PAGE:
How do you decide which medical school to apply to?
Students in their AS year with good GCSE results, a love of science and a passion for caring for and working with others will be considering making an application to medical school. I tend to think that the passing of the October 15th UCAS deadline for the A2 students fires the starting gun for those in AS who want to apply the following year. 365 days to make a difference to their applications. UCAS reported recently that in 2013, for the 7,515 places offered to medical candidates last year, 84,395 applicants applied. That is roughly a 1:11 ratio. Competition is fierce.
Is a degree from one place the same as a degree from another?
One important consideration is deciding which medical school to apply to. But, how important a decision is this actually? Unlike most other degrees there is a national standard, set by the GMC (General Medical Council) and applied to medical school degrees. This ensures that as far as possible, all doctors educated in the UK are trained to the same standards (www.gmc-uk.org/education/undergraduate/tomorrows_doctors.asp). There are obvious reasons why this makes sense, a scenario whereby doctors in the UK are trained differently at different institutions would quickly lead to problems. However, were you to take almost any other degree you may find that your degree from one university is quite different to that you may have received at another – depending on the specialisms of the professors, location, resources and many other factors. A good example would be in biology, where many universities close to the coast will emphasise marine biology and ecology for obvious reasons whereas this is less practical in other places.
What type of candidate are the different schools looking for?
So a degree in medicine is the same wherever you go, right? Well to an extent, yes, but there are still some important factors to consider. First of all, your priority when applying is to get in somewhere and different universities emphasise different attributes when it comes to the application process. Some place the highest regard on academic performance; some will only interview candidates with a particular UKCAT (United Kingdom Clinical Aptitude Test) score; others prefer the BMAT (BioMedical Admissions Test) and make it their most important diagnostic; some need you to have secured a minimum number of hours of relevant work experience before you can be considered; for many the interview is key, others don’t even interview every candidate. It is therefore important to consider your own strengths and attributes, match those to the entrance criteria of the medical schools and apply to those that suit your strengths. There is no harm in contacting the admissions tutors at the medical schools to have a conversation about what they prefer to see in their applicants. In fact I recommend that you do this.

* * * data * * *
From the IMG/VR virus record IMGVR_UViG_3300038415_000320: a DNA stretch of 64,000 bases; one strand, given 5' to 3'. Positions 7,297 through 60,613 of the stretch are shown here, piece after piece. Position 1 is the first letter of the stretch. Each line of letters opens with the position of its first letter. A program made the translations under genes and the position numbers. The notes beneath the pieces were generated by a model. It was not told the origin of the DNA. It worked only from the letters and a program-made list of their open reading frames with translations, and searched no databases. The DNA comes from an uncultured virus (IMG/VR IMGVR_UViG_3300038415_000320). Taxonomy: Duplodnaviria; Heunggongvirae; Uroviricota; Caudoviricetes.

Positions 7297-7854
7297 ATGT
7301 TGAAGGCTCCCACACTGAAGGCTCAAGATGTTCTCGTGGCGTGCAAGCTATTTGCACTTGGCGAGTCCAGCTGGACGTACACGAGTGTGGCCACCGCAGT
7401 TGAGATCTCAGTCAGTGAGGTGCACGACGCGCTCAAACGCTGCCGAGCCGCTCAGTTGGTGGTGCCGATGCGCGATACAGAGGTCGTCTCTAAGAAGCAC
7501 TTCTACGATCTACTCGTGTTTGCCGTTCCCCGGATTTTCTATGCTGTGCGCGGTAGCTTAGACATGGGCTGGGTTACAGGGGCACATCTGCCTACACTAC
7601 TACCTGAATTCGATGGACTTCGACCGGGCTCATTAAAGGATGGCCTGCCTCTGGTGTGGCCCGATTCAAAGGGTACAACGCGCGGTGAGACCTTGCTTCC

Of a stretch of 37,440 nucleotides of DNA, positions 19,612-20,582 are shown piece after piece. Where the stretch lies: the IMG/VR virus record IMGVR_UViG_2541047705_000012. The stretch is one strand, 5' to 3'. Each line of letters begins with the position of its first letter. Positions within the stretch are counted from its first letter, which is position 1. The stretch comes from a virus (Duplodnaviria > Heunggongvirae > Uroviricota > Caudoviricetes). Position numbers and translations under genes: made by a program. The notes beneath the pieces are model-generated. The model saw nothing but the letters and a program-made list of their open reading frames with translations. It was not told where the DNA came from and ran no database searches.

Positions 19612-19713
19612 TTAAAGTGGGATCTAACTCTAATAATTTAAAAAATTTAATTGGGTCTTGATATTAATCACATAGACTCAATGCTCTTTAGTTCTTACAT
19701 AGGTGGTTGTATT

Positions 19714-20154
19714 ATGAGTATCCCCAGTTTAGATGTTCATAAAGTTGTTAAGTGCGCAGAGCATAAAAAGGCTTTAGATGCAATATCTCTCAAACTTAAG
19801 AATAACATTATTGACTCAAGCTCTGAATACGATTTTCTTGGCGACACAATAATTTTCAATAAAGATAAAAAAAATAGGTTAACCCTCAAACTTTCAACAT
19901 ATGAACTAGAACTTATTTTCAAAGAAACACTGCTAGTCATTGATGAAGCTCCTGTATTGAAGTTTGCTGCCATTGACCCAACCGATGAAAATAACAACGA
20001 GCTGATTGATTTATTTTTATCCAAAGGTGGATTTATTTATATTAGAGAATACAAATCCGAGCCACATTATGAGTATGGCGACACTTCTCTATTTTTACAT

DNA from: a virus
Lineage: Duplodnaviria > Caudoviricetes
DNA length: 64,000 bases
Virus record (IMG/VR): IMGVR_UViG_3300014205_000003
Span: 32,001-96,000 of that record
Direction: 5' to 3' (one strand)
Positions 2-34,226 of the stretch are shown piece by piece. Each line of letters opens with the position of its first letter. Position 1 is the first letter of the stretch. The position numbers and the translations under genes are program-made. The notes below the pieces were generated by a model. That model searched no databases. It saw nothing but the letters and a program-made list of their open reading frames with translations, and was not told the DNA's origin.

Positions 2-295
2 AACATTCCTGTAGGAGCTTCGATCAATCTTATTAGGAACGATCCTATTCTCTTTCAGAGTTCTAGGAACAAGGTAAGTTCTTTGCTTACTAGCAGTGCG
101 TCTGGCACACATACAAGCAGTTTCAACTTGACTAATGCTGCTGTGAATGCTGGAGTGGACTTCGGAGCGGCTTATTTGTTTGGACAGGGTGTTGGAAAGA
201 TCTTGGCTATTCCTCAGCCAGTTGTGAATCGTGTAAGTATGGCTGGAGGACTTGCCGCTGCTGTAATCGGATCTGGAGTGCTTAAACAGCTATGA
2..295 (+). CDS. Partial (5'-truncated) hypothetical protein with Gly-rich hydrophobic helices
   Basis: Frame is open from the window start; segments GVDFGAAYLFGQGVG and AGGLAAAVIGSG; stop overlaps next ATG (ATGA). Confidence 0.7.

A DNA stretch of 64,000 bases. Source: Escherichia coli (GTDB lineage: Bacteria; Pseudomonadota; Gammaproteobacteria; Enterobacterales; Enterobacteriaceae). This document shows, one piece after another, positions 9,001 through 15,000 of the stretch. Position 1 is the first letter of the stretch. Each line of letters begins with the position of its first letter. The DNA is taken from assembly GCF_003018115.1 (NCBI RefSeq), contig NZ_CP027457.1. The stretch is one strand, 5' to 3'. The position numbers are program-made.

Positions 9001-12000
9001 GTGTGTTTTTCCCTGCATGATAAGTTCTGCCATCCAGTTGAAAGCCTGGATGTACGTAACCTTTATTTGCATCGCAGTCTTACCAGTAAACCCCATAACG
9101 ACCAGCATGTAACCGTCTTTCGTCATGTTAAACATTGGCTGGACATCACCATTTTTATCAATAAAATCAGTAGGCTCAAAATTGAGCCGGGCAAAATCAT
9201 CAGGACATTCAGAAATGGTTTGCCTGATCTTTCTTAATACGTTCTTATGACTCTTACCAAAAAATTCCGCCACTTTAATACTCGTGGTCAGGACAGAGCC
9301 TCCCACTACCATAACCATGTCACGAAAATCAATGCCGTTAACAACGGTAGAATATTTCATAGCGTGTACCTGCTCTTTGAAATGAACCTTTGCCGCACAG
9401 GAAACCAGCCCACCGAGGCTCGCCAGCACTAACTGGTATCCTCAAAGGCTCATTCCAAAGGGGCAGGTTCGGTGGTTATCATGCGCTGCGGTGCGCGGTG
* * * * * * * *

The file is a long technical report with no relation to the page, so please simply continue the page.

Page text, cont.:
Know your competition
Another thing to consider is the competition. Most would-be doctors have a pragmatic approach to their applications – they don’t mind where they go, they just want to get in and begin training. However, some universities, rightly or wrongly, attract more applications than others. Oxford and Cambridge have a certain prestige attached and offer a particular lifestyle that appeals to many. UCL and Imperial College in London have world-renowned reputations and of course, along with King’s College, Queen Mary’s and St George’s have the attraction of being in London and the lifestyle associated with living in the capital. This increases the number of applicants and therefore the competition at these places. It doesn’t make them better medical schools necessarily, but it does mean they can set their bar very high.
How is the course delivered?
Although medical schools are required to meet the GMC standards, they vary in the way they deliver their courses. You will hear phrases like “problem-based learning,” “clinical training,” “pre-clinical training” and you should make sure you fully understand what they all mean. At some medical schools you will meet patients “on day one”; at others you may spend a long time studying physiology and anatomy before encountering your first patient or making your first diagnosis. There are pros and cons to each approach. Students with strong clinical skills may feel they lack some of the scientific rigour and understanding of their colleagues with stronger scientific backgrounds, who in turn lack some of the communication skills, ability to empathise and other crucial skills essential to become a good doctor.
Where do you want to live?
If you don’t want to live in London don’t apply to UCL! If you live in Newcastle and don’t want to be far from home, don’t apply to Plymouth University Peninsula! This sounds so obvious, but it is probably the most commonly ignored piece of advice I give to university applicants each year. People presume that they can sacrifice quality of life for (perceived) quality of degree. “I hate the idea of living in a big city like London, but UCL/King’s/Imperial has such a good reputation.” This makes no sense to me. It takes a long time to qualify as a doctor, that means you will be living in the town or city you choose now for five, six, maybe more, years. I’m all for taking risks – life is about experiences, any chose you make has an element of risk, but take a calculated risk. Go and visit, explore and picture yourself there. Decide on the criteria that are important to you and carefully select four universities that match those criteria. Of course criterion number one is likely to be “can I get in?” but what are numbers two, three and four?